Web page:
We’re just past the one year anniversary of my switch to a less hectic lifestyle. While that is a big milestone, it also coincides with another achievement that I’m particularly proud of. I made (or saved, depending on your perspective) about $1500 for maybe 10 minutes worth of work. On an hourly rate basis, that’s major league relief pitcher territory.
I’ll give you all the details to how it happened and some tips for how you can be on the lookout for similar situations.
The set up
As part of the big transition, we moved to a new state and into a new house. That was my one splurge in that the house wasn’t just new to us, it was new new. We bought it from a local builder that was putting up a couple houses a year on spec. This one just happened to be in a good location with a completion date that worked with our timeframe.
Fast forward to a few weeks before closing and I get an email from the title company with the preliminary closing statement. As I’m reviewing, one of the items caught my eye: a $24.80 credit from the seller to me for 5 months property taxes.
Property taxes? I knew they were going to be cheaper than the big city we were moving from, but not this cheap. No way whatsoever they were actually going to only be $59.32 a year. But that’s how much the builder saying it would be.
Having just had to pay a king’s ransom in property tax credits to the buyer of my condo, I was especially sensitive to the back and forth of property taxes on closing documents. I emailed the title company that there was obviously an error and to have it fixed before closing. Then I went back to packing up boxes and didn’t think about it again.
Closing Day Comes
When we showed up at the closing to sign the final paperwork, I took one more spin through the documents. There, staring back at me was the same $24.80 credit. I was puzzled. What was going on? No one there had any idea.
It turns out the $59.32 annual property tax was based on the year before when it was just an empty lot. The property hadn’t be reassessed to reflect a house being built on it, so that was actually the correct most recent tax bill. The title company’s software simply input the value, then calculated how many days of credit I should get back. Technically it was correct, but was it fair?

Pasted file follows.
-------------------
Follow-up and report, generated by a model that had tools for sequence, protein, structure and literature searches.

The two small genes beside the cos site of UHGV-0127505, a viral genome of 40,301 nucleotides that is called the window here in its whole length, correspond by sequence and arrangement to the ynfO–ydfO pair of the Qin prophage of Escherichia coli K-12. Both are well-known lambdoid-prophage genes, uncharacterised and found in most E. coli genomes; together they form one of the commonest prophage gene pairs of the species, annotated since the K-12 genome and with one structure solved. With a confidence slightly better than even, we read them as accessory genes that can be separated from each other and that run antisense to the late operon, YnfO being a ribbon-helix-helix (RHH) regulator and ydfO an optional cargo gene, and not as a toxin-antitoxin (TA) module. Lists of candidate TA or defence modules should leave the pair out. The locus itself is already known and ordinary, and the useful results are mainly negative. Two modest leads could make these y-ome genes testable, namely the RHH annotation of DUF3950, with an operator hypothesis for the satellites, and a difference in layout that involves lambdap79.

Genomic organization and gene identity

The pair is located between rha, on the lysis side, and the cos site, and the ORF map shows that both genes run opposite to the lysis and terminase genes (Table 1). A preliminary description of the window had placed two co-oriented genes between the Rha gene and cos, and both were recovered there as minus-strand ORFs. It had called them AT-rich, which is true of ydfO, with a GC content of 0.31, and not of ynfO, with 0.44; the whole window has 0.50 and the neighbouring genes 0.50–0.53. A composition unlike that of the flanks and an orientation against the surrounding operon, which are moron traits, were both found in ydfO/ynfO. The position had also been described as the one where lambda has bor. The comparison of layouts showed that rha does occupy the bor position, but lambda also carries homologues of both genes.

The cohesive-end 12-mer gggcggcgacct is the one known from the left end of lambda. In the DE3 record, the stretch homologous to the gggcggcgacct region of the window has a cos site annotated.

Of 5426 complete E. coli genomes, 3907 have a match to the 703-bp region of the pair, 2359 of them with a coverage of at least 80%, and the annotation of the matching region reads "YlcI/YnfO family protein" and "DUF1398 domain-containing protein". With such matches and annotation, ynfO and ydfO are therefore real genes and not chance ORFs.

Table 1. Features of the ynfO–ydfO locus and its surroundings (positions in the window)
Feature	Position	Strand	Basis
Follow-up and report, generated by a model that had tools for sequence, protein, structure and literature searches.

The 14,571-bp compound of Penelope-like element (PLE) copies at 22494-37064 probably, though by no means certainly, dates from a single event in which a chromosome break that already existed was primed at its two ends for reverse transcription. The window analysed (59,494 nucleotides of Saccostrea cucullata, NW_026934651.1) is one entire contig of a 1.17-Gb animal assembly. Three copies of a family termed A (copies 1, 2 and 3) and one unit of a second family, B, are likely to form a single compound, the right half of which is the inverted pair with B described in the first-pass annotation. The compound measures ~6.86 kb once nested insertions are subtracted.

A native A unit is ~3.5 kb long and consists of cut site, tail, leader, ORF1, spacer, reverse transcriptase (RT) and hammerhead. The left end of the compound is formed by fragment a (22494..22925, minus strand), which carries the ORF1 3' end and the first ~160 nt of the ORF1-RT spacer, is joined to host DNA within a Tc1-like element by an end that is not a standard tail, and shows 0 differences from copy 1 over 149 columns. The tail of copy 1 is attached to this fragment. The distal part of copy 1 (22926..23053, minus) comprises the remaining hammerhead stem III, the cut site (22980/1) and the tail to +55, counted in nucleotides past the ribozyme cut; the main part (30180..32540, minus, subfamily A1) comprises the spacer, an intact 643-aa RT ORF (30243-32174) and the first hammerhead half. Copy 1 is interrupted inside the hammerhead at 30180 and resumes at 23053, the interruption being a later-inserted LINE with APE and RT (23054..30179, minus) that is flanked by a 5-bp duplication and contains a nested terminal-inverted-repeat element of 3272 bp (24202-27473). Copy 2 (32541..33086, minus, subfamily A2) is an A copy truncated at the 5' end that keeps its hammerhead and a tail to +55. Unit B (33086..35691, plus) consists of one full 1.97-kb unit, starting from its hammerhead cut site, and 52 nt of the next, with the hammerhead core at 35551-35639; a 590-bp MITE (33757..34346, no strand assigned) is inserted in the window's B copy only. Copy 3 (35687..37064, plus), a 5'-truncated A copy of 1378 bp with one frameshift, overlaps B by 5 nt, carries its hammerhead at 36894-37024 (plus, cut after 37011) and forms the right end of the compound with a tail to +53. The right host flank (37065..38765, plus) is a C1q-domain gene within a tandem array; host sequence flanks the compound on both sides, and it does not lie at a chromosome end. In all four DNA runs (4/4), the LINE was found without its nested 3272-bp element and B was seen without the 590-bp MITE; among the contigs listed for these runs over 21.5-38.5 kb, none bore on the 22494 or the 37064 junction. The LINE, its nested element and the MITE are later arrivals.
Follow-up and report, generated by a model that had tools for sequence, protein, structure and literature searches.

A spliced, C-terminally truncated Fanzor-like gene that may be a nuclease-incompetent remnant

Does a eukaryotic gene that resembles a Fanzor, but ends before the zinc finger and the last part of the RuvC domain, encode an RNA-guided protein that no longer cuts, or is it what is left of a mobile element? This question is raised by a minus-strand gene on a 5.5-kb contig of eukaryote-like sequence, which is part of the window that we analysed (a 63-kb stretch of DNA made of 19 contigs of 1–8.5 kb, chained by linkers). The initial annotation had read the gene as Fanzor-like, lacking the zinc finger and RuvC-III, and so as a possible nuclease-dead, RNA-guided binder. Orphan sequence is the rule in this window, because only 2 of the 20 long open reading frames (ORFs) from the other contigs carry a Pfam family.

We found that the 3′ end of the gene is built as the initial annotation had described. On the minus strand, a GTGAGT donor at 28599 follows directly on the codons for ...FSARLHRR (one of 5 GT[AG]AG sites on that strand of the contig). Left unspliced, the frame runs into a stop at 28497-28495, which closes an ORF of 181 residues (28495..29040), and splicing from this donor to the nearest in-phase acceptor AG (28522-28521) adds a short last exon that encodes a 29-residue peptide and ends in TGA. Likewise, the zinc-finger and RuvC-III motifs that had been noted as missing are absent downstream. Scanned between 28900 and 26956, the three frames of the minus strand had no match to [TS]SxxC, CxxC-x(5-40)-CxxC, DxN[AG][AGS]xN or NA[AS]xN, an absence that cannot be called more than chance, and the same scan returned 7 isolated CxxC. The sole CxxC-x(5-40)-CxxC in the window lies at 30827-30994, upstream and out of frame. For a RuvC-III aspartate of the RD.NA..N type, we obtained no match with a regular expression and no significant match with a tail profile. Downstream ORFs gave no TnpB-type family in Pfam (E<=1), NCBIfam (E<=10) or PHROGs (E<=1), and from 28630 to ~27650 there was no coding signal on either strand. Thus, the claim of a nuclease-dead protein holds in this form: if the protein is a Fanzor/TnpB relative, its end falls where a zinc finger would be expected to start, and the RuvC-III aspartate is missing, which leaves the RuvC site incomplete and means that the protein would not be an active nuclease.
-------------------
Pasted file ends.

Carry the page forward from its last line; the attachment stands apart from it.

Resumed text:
With the whole closing hanging in the balance, I had a decision to make, let this go or try to negotiate a solution with the builder. I chose the latter.
My argument was essentially this:
- The tax the closing credit was based on wasn’t representative of the bill I would eventually receive
- The seller would be unjustly enriched by such a low tax credit and I would be penalized
My solution was to base the credit on the new property taxes reflecting the addition of the house. That way we both would be paying our equal share proportional to the value being taxed and the time of relative ownership.
Since no one knew what the new tax would be, we agreed to wait until after I got the first bill to do the calculation. The credit stayed the same so the closing could move forward, but we drafted a quick side-agreement for the builder to pay me the difference once the correct amount became known.
I haven’t seen the actual bill just yet, but based on the notice of reassessment I received, my taxes should be about $3,780 per year going forward, which means I’ll be getting back more than $1,500 when all’s said and done. Not too bad for 10 minutes of haggling. I still had to wait almost a year to get it, but that’s better than nothing.
What If It Happens to You?
While I doubt you’ll encounter the exact same situation, you no doubt will find yourself a some sort of financial impasse with another party. Here’s what you can, and should, do:
- If you see something that doesn’t look right, say something. The worst the other side can say is “no” in which case you’re in no worse position than if you didn’t say something.
- Propose a solution. Highlighting the issue isn’t enough to win the argument. By proposing a solution yourself, you determine the initial terms and save the other side from coming up with a solution themselves. By saving them time and energy, they’re more likely to acquiesce.
- Be fair and reasonable. Is the solution you’re proposing one that you would accept if the roles were reversed? If not, then why would the other side? A whole lot more can get done by being reasonable than by play games. Car salespeople still have a few things to learn.
- Leverage matters. Know when you have it and when you don’t. In my case, if they didn’t agree to my fair and reasonable solution, they weren’t selling a house. Would have I really walked away over $1,600? Probably not, but they didn’t know that.
What’s the take-away from all of this? It pays to rock the boat a little. In my case, it saved me some serious money which helped with a couple of moving expenses we hadn’t budgeted. How would you have handled the situation if you were in my shoes?
John started Present Value Finance in 2017 to share his experiences and insights on personal finance to help people make better decisions and take control of their financial lives.
He achieved financial independence in 2016 by walking away from the high stress world of corporate finance to focus on his family. He’s a husband, father, family CFO, and all around finance geek.
He uses Personal Capital to track his spending, investments and investments for free and recommends you do too.